By David Willey
BBC correspondent, Auschwitz, Poland
Sheltering from a sudden rainstorm under a white umbrella held by an aide, Pope Benedict XVI walked slowly down the line of bronze slabs by the side of the monument commemorating the 22 different nationalities of the more-than-one million victims of Nazi brutality at Auschwitz.
It was his third visit to this grim ruin in the fields. The crumbling squat barrack buildings are still punctuated by the original railway sidings where the death wagons screeched to a halt, bearing prisoners destined for the gas chambers from practically every point of Europe.
Benedict visited Auschwitz for the first time with the late Pope John Paul II in 1979. In 1983 he came again with a group of German bishops.
Then sun broke through and a rainbow appeared in the sky as he attempted to speak the unspeakable. He spoke in Italian, not in Polish.
His voice was slightly tremulous. He peppered his speech and his prayer with quotations exclusively from the Old Testament, the Holy Book common to both Christians and Jews.
"I could not fail to come here!" he exclaimed.
Twice he called himself "a son of the German people."
The first German pope in modern times was attempting to pronounce his mea culpa for Nazi war crimes.
Words failed him, he said. It was particularly difficult and troubling for a pope from Germany to speak in "this place of horror".
The Pope, who was forced as a young student in Bavaria to join the Hitler youth movement and was conscripted into, and deserted from the German army, distanced himself from "the ring of criminals who rose to power through false promises".
"Our people was used and abused as an instrument for their thirst for destruction and power. Where was God in those days?" he asked rhetorically.
Benedict the theologian gave the answer. We believe in a God of reason, not a kind of cold mathematics of the universe, he said.
"The establishment of a new centre of dialogue and prayer, a Jewish centre, and other initiatives in this place of remembrance will foster constructive thinking and resistance to evil."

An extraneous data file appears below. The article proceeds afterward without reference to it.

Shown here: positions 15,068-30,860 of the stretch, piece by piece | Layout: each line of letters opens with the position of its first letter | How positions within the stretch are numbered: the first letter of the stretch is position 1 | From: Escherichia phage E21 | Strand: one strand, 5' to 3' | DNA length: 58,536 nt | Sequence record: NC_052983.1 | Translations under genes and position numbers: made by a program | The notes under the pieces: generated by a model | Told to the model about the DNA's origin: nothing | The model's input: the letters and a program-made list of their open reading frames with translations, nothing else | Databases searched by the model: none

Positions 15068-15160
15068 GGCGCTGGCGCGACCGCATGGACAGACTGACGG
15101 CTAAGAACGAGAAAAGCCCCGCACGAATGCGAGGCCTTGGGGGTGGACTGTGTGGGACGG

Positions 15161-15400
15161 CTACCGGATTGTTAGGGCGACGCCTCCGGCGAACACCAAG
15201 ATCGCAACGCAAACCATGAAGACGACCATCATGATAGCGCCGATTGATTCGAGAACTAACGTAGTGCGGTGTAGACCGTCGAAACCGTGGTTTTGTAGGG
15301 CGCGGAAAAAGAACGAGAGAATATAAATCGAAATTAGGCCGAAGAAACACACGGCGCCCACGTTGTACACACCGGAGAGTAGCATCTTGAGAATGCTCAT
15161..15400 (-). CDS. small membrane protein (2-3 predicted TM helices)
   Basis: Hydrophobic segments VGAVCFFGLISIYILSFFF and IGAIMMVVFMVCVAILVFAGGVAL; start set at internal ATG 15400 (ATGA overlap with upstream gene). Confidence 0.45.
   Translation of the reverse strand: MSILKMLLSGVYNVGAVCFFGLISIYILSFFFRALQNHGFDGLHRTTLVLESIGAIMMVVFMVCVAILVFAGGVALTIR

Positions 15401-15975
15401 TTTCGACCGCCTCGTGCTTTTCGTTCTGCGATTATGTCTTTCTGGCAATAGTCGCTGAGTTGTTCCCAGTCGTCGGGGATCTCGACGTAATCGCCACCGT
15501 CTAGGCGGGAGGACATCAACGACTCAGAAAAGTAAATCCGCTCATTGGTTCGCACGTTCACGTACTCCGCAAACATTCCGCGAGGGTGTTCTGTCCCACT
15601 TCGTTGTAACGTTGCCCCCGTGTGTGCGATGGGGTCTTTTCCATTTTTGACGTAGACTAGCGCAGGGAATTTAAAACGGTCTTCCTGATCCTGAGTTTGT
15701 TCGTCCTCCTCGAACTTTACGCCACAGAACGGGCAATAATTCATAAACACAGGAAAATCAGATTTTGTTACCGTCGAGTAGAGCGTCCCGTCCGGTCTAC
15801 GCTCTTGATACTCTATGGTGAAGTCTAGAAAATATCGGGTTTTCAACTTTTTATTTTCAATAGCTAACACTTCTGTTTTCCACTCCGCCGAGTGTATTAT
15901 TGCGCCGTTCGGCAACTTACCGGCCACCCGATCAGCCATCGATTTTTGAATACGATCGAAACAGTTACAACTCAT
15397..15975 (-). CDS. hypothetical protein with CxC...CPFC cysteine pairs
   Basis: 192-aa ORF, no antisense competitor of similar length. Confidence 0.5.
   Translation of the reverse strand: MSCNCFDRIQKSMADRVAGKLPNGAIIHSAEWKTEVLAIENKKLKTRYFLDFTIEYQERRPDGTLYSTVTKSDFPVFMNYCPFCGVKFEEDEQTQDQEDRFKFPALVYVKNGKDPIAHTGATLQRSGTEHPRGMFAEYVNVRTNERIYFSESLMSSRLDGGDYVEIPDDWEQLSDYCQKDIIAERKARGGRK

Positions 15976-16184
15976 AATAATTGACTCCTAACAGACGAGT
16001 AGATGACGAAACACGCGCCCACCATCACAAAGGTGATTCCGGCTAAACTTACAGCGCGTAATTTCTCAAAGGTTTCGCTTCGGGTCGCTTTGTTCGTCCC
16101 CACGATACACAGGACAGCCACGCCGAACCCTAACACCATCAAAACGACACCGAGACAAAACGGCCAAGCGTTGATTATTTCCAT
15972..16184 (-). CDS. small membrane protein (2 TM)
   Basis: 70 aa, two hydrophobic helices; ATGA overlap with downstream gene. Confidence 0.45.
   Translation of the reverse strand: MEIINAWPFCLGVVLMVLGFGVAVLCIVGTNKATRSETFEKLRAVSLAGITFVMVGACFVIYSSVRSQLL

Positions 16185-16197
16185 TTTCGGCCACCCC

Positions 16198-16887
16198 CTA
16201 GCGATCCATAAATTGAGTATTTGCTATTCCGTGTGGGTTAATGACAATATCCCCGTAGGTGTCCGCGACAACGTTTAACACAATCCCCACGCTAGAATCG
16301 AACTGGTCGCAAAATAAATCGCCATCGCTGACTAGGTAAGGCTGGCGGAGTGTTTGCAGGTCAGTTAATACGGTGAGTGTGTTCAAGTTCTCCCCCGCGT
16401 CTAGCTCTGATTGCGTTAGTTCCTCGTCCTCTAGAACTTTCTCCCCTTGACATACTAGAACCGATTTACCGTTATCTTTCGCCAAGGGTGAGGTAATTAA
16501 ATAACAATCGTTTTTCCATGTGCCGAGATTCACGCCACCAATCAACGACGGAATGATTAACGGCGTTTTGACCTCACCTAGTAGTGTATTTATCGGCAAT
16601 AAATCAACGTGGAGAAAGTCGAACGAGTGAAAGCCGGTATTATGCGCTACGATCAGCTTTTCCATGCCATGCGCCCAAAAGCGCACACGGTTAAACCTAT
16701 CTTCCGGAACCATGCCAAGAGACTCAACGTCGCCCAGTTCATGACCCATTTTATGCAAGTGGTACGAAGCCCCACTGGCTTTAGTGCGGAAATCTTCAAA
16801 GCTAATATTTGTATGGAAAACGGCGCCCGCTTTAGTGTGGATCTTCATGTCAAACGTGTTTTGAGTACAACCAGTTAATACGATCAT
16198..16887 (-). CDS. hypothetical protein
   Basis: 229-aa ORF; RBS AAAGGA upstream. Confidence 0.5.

Some of the 1,000 or more guests listening to the Pope's speech - who included some 200 survivors of the death camp - thought the Pope's mea culpa on behalf of the German nation was not sufficiently explicit.
Others thought he was showing great courage in tackling such a sensitive subject head on.
Of the 32 former inmates of Auschwitz who talked briefly with the Pope in the courtyard surrounding the Wall of Death, where prisoners used to be taken for summary execution, there was only a single Jewish survivor.
Former prisoners were divided over whether the Pope went far enough
His name is Henryk Mandelbaum and he is Polish.
We had no time to enquire further. The Pope's charter plane was waiting on the tarmac at Krakow airport and we had to cut and run in order not to miss the flight back to Rome.
On his arrival at the ruins of the crematoria at Birkenau the Pope had uttered a short prayer in German. It was the only moment during the entire four days that he had spoken in his native tongue out of deference to the sensitivities of his Polish hosts.
"Lord, you are the God of Peace, you are Peace: a heart that seeks conflict will not understand you. A mind that is oriented towards violence cannot comprehend you.
"Grant to all those who live in harmony that they may continue to live in peace, and grant to those who are divided the gift of reconciliation."